Nature nurtures us and vice-versa
Last week I went to an unusual evening talk at the Art Gallery Ontario. Richard Louv (famous for Last Child in the Woods) and David Suzuki (famous for just about anything he does) were conversing about the integral part time in nature plays in human health & sanity. I found this event unusual because there was no catchy title or debate format. It turned out to be just a couple guys sitting in comfy chairs at the front of the room uniting their sometimes deeply personal nature anecdotes to recent trends in health and the environment.
Studies on the impact nature has on human cognition have surfaced in recent years, such as those conducted by Dr. Berman from the Rotman Research Institute in Toronto, most recently featured in a Globe and Mail article here.
These studies have revealed new findings such as the ability for nature to calm and increase empathy. A recently published book called Your Brain in Nature is an excellent source that summarizes some of this work.
You might be interested to hear the definition of nature is malleable. In fact, many people find working in a small garden nature enough to satisfy them. There was a study that showed positive regenerative mental acuity from just looking at a forest photo!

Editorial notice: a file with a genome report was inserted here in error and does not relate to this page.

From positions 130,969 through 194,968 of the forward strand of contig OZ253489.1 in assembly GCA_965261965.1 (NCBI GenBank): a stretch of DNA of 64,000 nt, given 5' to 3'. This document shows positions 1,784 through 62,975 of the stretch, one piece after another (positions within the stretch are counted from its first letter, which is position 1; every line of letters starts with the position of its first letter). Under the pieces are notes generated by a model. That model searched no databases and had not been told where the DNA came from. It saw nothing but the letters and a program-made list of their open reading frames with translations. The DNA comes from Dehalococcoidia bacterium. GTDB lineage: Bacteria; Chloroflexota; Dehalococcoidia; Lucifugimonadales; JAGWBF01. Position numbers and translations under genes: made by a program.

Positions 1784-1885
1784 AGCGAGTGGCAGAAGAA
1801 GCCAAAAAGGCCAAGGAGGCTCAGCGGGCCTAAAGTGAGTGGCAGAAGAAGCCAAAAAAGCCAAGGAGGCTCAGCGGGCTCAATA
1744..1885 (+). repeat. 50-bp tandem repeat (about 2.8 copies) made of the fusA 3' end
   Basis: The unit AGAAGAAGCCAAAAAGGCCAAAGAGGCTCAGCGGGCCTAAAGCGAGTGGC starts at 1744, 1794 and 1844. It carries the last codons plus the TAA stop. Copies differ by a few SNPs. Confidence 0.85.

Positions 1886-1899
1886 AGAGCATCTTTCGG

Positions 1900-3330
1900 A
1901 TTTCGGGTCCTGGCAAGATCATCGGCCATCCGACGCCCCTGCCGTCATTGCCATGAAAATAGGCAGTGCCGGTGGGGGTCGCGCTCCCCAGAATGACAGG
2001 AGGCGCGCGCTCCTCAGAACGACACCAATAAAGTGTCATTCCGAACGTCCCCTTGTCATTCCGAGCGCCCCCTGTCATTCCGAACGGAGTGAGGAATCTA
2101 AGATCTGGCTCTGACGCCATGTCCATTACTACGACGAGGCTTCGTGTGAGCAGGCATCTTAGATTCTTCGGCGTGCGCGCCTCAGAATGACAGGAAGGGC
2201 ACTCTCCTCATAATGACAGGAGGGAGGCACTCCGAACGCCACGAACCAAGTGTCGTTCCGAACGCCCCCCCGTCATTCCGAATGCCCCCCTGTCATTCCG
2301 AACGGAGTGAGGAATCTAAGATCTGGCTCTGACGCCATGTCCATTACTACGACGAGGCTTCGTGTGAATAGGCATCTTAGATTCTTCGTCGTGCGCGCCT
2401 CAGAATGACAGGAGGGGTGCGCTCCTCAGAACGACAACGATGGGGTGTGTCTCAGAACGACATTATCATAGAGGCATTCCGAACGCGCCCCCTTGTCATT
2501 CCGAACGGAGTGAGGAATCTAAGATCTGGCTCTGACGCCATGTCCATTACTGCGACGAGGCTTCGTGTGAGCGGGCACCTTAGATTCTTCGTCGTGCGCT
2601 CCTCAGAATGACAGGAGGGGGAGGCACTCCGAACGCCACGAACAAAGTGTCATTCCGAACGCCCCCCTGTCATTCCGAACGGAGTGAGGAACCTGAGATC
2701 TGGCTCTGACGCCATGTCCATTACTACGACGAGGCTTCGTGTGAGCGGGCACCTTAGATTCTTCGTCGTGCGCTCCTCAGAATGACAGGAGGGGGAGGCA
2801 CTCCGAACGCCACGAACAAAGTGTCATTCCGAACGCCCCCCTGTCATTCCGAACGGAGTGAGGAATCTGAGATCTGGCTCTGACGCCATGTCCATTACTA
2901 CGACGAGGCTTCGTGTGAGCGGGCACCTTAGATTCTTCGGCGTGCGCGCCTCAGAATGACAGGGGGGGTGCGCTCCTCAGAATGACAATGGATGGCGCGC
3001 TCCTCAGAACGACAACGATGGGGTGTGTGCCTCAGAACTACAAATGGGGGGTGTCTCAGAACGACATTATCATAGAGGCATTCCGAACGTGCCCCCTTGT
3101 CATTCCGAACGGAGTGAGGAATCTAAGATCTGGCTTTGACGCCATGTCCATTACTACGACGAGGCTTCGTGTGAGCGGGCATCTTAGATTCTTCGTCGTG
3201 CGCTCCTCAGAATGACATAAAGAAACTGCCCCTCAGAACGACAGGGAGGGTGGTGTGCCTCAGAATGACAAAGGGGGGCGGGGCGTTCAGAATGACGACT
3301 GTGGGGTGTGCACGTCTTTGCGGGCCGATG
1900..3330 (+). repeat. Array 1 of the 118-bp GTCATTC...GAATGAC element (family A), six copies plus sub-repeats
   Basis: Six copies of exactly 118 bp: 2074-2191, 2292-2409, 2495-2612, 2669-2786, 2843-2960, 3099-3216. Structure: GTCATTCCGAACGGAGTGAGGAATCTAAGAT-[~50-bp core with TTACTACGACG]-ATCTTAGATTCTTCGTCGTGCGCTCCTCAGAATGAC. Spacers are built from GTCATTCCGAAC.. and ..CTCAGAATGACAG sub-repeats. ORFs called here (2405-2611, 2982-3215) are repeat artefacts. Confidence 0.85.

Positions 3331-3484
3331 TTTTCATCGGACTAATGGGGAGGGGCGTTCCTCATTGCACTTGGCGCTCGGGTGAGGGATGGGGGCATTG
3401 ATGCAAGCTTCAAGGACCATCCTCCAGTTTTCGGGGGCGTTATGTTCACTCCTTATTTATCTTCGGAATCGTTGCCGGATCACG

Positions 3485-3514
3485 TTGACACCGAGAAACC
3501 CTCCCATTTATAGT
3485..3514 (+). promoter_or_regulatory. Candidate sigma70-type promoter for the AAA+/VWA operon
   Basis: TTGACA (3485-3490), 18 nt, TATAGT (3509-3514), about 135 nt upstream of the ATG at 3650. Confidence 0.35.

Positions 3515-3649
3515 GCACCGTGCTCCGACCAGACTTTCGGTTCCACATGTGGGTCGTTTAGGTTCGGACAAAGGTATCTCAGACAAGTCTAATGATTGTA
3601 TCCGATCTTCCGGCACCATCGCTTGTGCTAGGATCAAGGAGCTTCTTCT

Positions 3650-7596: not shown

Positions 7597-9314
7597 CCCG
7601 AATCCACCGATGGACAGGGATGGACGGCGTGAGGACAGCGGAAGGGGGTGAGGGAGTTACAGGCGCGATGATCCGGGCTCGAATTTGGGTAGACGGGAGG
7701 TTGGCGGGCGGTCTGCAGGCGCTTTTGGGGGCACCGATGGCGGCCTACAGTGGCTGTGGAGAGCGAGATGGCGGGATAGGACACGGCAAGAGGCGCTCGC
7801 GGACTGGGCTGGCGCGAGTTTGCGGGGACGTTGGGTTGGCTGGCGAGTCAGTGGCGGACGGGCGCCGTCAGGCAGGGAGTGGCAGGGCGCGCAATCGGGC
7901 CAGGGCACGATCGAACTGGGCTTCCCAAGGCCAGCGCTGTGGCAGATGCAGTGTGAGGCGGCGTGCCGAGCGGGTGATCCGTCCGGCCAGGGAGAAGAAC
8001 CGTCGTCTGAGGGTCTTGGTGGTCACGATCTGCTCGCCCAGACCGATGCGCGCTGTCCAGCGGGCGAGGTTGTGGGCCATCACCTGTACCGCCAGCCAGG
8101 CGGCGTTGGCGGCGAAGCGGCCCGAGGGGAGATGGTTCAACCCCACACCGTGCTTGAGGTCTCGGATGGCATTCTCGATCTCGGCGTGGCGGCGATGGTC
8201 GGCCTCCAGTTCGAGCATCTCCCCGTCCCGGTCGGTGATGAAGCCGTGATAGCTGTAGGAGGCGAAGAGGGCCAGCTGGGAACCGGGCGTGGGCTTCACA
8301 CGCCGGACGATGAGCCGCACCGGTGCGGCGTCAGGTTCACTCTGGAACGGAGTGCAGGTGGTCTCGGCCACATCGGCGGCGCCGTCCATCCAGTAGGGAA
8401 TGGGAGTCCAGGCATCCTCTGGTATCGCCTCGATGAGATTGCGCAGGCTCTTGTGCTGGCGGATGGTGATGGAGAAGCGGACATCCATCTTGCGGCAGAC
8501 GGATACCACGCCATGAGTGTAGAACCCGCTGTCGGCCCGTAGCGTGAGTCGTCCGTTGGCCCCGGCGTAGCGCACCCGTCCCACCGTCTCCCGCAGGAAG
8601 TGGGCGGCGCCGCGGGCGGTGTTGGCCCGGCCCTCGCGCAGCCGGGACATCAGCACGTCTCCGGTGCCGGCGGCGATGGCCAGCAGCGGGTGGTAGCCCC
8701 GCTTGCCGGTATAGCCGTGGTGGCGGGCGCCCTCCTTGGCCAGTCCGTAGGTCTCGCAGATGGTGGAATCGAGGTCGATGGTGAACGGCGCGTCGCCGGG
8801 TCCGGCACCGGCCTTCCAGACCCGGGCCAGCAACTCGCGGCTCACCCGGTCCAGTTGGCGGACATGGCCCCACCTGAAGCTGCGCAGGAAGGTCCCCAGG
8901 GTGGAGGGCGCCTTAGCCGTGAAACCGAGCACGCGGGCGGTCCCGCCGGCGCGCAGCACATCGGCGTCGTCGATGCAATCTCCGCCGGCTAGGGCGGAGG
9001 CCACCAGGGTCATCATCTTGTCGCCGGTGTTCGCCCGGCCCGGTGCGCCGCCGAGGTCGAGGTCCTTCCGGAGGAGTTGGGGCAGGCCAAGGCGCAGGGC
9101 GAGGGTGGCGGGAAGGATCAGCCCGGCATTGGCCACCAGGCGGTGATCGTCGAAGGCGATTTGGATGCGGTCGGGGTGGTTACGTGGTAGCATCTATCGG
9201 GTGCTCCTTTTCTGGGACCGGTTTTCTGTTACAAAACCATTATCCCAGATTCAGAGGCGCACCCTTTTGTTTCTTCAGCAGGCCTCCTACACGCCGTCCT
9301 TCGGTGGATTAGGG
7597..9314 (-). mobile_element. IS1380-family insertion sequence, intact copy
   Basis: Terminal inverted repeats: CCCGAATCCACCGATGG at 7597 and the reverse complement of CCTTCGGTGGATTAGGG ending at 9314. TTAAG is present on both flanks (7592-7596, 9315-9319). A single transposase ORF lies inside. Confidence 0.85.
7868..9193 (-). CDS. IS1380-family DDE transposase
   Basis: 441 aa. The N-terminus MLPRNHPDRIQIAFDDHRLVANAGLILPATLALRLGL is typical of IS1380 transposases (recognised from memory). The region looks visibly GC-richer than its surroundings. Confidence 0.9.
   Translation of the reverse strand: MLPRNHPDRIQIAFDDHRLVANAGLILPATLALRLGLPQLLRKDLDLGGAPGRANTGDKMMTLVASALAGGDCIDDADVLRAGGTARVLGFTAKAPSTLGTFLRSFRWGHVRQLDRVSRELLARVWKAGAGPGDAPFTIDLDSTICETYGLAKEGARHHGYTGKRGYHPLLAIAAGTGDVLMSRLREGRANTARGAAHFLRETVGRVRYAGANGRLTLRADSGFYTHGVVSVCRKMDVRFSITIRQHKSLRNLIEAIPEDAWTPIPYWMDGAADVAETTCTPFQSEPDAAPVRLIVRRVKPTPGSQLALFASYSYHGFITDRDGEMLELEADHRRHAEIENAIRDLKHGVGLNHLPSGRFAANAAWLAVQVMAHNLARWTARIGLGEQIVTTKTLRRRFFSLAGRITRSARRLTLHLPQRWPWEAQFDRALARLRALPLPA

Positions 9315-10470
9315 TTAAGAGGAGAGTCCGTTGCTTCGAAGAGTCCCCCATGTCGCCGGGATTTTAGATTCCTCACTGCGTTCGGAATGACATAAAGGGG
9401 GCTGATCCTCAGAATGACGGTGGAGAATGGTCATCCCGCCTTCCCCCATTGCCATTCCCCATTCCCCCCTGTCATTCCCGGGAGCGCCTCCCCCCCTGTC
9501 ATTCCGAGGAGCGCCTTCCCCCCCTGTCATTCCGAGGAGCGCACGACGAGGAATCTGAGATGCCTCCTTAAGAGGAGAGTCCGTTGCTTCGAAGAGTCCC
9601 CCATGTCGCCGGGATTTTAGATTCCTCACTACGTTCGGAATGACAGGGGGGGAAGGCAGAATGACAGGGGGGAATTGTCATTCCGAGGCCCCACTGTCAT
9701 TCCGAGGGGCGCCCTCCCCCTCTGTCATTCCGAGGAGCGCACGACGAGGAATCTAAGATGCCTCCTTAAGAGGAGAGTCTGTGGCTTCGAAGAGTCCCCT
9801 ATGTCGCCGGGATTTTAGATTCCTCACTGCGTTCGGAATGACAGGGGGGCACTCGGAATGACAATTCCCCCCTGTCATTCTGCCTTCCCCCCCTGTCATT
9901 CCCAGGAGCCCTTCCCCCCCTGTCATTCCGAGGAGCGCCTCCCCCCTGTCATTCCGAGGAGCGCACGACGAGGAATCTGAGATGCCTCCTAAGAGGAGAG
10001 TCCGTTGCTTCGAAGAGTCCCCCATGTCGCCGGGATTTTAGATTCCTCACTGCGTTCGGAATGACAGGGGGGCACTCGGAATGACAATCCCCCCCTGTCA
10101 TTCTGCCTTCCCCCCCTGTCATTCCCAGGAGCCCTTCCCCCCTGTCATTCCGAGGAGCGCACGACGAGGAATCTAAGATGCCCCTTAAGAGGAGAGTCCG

In their talk, Richard Louv cited a Sierra Club program where Inner City Outing kids and their Sierra guides put on backpacks and head out into urban neighborhoods to find nature. This nature may be a crack in the sidewalk where dandelions and ladybugs have staked their claim or the tree by the bus stop. It exists all over the place – maybe it is not in great shape or contiguous enough to provide much health benefit for us but it is a start. It was suggested that we each build on our own little pieces of the nature – that we take these little islands of green in our cities and yards enhance habitat value with native plants. We can take this bizarre system of land-ownership that does so much to break-up and cut-up natural areas and do our part to make bigger islands and then corridors for nature.